Big changes are in store for the mortgage market. They have to be. One of the ideas getting more notice is that a big cause of the real estate bubble explosion was the easy availability of home loans requiring nothing, or little downpayment. It’s a quick choice to walk away from an underwater home with no money at risk. At least when it’s not your money, apparently. It turned out to be taxpayer money, but that’s another story. This article talks about the return of the 20% downpayment, and the implications. First Tuesday is an excellent source of insider info on the real estate industry. They pull no punches.
I’ll have to admit, we’ve had several clients recently who could not have purchased with a 20% downpayment hurdle to overcome. Buying a home in the current depressed market was good for them, and good for the market, so it’s hard to argue that increasing barriers is prudent. But it seems to me that the 20% medicine will serve the ailing housing market best in the long term. Short term, it will be tough medicine to swallow.
Link to the 20% down article here.
Turns out there’s a quite a range between the most expensive home market and the least. You can check out where Redding sits at the CB website. Well worth a look. The numbers I ran show a 4 bedroom home selling for $150K in Redding would be $550K in Cupertino. And $30K in Niagra Falls New York. Interesting stuff.
Times must be tough indeed for new home builders. Well no point in dwelling on it. Blow them out and move on. Here are 4 spanking new homes being sharply reduced to the bone, from the builder boys (and girls) at Palomar. Big drops by any standard. Jeb Allen always seems to keep a crew working even if he isn’t making a buck. Somebody needs to do it. Anyway, thanks Jeb. Meanwhile somebody is getting a smokin’ deal on these 4.
there’s nothing like new
609 Grants Pass is a 1618 sqft 3/2. It had been $259,800, but now is being blown out at $238,900, at $21K drop. Profit margin? Who needs that? We have homes to build.
772 Grants Pass is a big 2068 sqft 4/2. It had been $329,800, but is being pushed out at $289,800, a drop of $40K. It only hurts when you think about it. So don’t.
632 Durango is an even bigger 2118 sqft 4/2. It had been a hopeful $332,800, but capitulation says now it’s $294,800. At least the subs got paid.
667 Mill Valley is our favorite of the bunch. Had been $358,800, but now it’s less, at $318,800, a swift $40K kick to the groin. It’s a 1908 sqft 4/2. We took some more photos of this one, because we liked it so much.
Call us up and we can show you more. You’re not kicking him when he’s down. You’re helping yourself to a sweet deal. Call or Text (530) 255 4070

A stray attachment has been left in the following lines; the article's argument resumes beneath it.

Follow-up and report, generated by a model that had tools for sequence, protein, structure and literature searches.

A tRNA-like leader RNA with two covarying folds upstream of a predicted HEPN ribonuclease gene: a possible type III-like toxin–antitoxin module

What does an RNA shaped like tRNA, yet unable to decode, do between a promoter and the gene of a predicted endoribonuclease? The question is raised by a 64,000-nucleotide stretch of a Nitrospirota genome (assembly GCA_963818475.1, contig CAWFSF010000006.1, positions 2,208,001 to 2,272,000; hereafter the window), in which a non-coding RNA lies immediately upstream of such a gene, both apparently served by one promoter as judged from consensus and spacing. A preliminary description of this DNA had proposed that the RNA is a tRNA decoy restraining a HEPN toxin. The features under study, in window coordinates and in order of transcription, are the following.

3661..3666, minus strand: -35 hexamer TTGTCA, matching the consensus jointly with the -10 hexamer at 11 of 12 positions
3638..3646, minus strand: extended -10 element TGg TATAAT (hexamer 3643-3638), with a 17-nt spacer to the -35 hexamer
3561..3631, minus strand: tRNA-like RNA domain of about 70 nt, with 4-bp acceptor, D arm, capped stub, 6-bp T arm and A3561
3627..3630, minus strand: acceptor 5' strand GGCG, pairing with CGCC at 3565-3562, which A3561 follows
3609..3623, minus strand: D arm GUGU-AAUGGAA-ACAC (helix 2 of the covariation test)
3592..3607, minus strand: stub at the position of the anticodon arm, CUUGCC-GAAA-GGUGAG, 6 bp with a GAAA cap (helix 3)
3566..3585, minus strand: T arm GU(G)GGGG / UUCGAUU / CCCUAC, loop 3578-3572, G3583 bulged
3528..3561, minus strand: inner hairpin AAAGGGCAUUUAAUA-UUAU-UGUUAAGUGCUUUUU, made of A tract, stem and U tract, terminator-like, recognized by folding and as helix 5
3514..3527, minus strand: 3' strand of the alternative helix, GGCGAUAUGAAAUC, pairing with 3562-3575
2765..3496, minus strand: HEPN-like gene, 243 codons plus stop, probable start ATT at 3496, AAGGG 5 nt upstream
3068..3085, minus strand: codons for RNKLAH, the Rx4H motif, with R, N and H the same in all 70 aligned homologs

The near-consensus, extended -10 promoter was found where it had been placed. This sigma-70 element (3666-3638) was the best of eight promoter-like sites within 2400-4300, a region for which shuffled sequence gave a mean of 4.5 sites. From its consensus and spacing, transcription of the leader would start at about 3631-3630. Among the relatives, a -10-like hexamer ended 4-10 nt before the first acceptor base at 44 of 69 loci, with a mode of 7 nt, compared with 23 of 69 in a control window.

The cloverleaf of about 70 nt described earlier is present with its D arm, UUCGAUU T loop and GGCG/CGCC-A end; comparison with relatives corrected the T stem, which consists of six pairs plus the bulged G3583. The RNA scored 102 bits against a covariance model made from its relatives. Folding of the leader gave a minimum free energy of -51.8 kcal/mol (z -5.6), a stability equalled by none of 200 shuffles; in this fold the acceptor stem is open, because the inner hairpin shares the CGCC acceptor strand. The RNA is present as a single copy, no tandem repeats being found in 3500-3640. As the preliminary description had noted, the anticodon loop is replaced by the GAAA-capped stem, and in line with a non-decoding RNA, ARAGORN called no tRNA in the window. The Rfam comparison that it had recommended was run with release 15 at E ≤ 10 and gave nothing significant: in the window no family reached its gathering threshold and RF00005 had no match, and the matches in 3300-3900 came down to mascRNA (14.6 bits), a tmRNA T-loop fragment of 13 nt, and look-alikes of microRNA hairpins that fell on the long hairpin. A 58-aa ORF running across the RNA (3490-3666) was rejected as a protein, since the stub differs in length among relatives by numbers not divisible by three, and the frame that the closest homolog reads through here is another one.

The headline screams bad news. Yet it could have just as easily read “Redding homes become more affordable.” Both ways of looking at the story are equally valid. Maybe it’s simply a question of glass half full or half empty, but it seems to be a pattern. I understand bad news sells papers. But it’s frustrating. Our local economy limps and wobbles, and yet it seems often our local newspaper can only kick at it.
I know I’m not alone in harboring a growing frustration at the paper’s editorial direction. And even more so at their website, having seized the very domain name of our community, redding.com. How it supposedly represents us. Nobody wants the local paper to be a lapdog to small town business interests. But serious question, do you guys even like Redding?
Shasta Association of Realtors awarded eleven scholarships to local students at a dinner held on June 1st at the Riverview Country Club.
Certificates for scholastic achievements were presented to the following along with checks to the schools of their enrollment:
A $1500.00 scholarship went to Anthony Papac who is attending Harvard University, $1500.00 to Angelise Sacco who is attending Sonoma State, $1000.00 House of Realty honoring the late Bob Middleton, scholarship to Mitchell McCarthy who is attending Boise State University, A 1000.00 Homer “Bucky” Bucklen honoring the late Past President of the Shasta Association of Realtors went to Jill D’Amico who is attending Berkeley, and a $1000.00 scholarship in the name of Marie Whitacre went to Kevin Middleton who is attending Chico State University,. A $1000.00 Shasta Association scholarship went to Amanda Rollins who is attending University of Santa Cruz, $500.00 Shasta Association of Realtors scholarships went to Ashley Lewis who is attending Chico State University, Michel Chord, who is attending San Jose State University, and Jennifer Lynn Verardo who is attending Hyles Anderson College, Britainne Pederson who is attending Azuza Pacific University and Chase Johnston who is attending Universal Technical Institute in Sacramento.
Funding for scholarships is donated by the local Realtors giving back to their community and recognizing the achievements of these students. This is the 25th year that the local association has acknowledged local students for scholarships.
Pictured from left to right front row, Amanda Rollins, Jill D’Amico, Ashley Lewis, back row, let to right, Mitchell McCarthy, Chase Johnston, Anthony Papac, Kevin Middleton. Missing from the photo, Britainne Pedersen and Angelise Sacco.